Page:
Scanned image of the page. Keyboard directions: use + to zoom in, - to zoom out, arrow keys to pan inside the viewer.

Page Options

Download this Issue


Something wrong?

Something wrong with this page? Report problem.

Rights / Permissions

This collection, digitized in collaboration with the Michigan Daily and the Board for Student Publications, contains materials that are protected by copyright law. Access to these materials is provided for non-profit educational and research purposes. If you use an item from this collection, it is your responsibility to consider the work's copyright status and obtain any required permission.

May 14, 1974 - Image 16

Resource type:
Michigan Daily, 1974-05-14

Disclaimer: Computer generated plain text may have errors. Read more about this.

Page Sixteen

THE MICHIGAN DAILY Tuesday, May 14, 1974
J E R R Y HUBBARD (below),
Michigan's national champion
at 151 pounds, brought home a
sheepskin at graduation and the
Wolverines will be hard pressed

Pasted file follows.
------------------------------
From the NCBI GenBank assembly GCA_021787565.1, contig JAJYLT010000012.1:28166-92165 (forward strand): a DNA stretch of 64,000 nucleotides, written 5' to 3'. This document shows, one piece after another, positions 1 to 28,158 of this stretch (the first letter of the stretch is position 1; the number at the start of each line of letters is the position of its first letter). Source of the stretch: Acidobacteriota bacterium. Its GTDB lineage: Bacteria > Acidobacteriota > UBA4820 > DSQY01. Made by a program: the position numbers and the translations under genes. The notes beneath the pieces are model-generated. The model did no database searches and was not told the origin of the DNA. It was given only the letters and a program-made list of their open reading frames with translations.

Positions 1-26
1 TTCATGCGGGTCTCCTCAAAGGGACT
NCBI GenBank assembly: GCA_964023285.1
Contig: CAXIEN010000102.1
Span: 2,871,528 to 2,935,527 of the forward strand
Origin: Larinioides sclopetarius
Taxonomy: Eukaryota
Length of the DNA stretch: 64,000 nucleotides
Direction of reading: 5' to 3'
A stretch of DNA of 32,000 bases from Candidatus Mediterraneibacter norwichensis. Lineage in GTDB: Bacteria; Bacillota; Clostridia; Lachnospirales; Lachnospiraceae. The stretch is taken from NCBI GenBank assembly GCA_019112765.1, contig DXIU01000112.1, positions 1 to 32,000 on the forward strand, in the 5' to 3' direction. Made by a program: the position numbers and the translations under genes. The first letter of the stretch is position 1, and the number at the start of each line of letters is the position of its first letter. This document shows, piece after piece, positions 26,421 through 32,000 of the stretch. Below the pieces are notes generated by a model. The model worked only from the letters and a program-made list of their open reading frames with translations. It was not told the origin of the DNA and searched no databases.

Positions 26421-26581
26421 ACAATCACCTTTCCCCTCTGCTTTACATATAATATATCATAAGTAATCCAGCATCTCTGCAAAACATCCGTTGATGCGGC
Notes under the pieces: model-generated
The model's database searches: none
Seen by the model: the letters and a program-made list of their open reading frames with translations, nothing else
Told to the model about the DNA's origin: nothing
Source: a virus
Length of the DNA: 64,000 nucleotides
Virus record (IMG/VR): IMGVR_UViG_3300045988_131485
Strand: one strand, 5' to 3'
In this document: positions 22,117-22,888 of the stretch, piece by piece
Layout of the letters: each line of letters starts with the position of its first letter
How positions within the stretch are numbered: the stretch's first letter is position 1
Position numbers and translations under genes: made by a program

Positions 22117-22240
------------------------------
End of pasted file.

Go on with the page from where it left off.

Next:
to rep-ce him. Clarke Cogsdill
knows who's going to fill Jerry's
shoes and he's telling on page
BY G~lG Brewers blast Orioles;
George Hastings reate AL East logjam

World Team Tennis .. .
is it tennis?
FOR SEVERAL YEARS NOW, the fastest-growing sport in
America has been the game of tennis. And since sports are
big business in the United States, it was inevitable that somebody
would come along and try to convert the sport into a share of
the American entertainment dollar.
I was curious enough to journey in to Cobo Arena last Thurs-
day and witness the spectacle as World Team Tennis made its
debut in Detroit--and spectacle is the proper term. The new
league has taken the staid old game and given it a whole new
image-the idea is no longer a courteous competition among
gentlepeople, but a team spectator sport in the finest American
traditions of beat those bad guys and kill the umpire.
The whole scene reminded one of a Detroit Piston basketball
game at Cobo back in the old Piston losing years. A sparse
crowd-announced at 3,600 but looking like a lot less-was
scattered around the Arena, someone insisted on using the ob-
noxiously loud scoreboard horn, and they even announced the
line-ups for the two teams and had them run out onto the court
and slap hands with each other.
Then after the new rules had been explained by the announcer
(the voice of the Pistons, George Maskin, naturally), the meet